He predicted the airline industry would return to pre-pandemic levels at the end of this year or the middle of next, earlier than airline industry group IATA's forecast of 2025.
However, the industry is overshadowed by $200 billion worth of losses racked up during the pandemic. The other big problem is the surge in oil prices fueled by Russia's war, which will force airlines to raise airfares — and potentially dampen travel demand.
Fewer air passengers means El Houry's company serves fewer flights.
"Our biggest customers are the airlines. And when airlines are feeling the pressure, guess what? They’re going to pass on that pressure to us," El Houry said.
Besides the rising costs of fuel, food and other commodities that are causing a cost-of-living crisis, central banks are raising interest rates to tackle high inflation and China is seeing a slowdown amid COVID-19 lockdowns, said Gita Gopinath, IMF’s first deputy managing director.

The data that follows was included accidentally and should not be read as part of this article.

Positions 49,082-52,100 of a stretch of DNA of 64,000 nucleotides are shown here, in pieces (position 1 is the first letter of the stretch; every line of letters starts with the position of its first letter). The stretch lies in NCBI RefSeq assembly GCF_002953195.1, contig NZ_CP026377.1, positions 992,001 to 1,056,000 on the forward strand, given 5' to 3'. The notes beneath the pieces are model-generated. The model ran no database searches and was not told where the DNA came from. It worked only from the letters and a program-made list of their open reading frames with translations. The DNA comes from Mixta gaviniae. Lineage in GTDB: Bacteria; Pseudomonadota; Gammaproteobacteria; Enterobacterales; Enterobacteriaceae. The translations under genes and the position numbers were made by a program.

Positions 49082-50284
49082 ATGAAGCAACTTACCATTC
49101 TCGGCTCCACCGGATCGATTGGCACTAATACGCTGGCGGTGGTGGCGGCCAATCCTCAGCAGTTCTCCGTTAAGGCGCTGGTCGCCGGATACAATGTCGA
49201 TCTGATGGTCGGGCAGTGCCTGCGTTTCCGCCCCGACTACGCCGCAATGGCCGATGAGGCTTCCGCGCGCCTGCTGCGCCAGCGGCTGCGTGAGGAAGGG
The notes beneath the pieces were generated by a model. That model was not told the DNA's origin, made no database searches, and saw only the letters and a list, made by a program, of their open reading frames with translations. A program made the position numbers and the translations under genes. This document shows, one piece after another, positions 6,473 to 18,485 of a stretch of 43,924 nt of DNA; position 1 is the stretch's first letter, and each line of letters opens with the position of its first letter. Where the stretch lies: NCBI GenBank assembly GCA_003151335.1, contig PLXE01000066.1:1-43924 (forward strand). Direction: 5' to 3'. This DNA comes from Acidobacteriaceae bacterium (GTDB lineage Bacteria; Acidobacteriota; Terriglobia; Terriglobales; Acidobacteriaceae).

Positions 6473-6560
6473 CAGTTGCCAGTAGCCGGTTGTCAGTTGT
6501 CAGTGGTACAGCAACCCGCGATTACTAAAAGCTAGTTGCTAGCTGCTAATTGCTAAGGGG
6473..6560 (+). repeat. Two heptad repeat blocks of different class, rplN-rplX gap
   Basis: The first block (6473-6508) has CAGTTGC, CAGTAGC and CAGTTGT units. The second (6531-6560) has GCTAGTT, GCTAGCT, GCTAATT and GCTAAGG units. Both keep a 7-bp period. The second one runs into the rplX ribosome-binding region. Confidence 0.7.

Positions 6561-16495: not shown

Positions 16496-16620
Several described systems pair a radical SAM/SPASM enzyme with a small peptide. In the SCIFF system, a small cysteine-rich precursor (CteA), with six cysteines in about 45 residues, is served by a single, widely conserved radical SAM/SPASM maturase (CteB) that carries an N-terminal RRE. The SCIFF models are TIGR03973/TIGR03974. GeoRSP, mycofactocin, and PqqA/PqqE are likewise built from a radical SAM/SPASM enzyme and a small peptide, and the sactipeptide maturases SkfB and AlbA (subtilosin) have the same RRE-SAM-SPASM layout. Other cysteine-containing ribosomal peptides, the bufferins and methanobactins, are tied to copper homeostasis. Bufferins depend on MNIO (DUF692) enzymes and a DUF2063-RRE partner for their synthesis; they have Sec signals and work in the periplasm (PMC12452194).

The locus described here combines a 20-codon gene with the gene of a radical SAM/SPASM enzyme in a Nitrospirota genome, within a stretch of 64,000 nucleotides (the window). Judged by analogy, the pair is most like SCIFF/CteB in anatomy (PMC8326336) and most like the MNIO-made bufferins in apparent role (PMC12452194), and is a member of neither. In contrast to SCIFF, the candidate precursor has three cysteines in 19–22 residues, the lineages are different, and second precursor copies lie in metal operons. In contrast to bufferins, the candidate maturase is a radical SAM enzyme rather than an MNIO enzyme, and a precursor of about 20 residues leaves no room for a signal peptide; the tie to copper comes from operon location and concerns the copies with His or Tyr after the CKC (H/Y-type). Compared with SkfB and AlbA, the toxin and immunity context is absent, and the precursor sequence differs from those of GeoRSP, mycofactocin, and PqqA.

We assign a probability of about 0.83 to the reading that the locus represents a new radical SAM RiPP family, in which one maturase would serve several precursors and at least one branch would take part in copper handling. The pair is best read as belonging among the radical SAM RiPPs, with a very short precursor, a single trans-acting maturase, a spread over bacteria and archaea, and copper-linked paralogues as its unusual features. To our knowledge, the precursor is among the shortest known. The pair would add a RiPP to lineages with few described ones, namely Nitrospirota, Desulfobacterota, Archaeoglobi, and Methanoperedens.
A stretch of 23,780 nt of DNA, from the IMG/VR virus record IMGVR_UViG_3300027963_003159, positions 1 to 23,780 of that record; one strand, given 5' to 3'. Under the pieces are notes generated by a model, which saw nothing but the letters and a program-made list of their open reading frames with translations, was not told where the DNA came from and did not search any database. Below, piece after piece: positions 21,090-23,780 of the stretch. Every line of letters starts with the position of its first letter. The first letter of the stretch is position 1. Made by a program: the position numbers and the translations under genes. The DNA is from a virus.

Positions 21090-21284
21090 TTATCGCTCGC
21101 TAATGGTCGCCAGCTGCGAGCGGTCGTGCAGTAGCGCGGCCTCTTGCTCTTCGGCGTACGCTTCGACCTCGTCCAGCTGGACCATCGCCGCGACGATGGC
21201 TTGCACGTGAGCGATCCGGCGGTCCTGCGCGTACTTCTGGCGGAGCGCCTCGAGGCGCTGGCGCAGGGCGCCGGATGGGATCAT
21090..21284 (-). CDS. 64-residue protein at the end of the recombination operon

“So we have a confluence of shocks hitting the world," she said on a panel about global growth Wednesday.
It's especially acute in Europe, which the war in Ukraine has revealed, European Central Bank President Christine Lagarde said Wednesday.
“Europe is 20% more open to global value chains vulnerabilities than any other markets in the world. So it’s not surprising that the breaking down and the bottlenecks of global value chains affect European companies and us more than others,” she said on a panel called European Unity in a Disordered World?
Others highlighted the uncertainty that’s rattling financial markets and complicating investment decisions for businesses.
Adena Friedman, president of the NASDAQ stock exchange company, said Monday on a panel on the U.S. economic outlook that “a selling decision is much easier than a buying decision” for investors who can’t see where things are headed.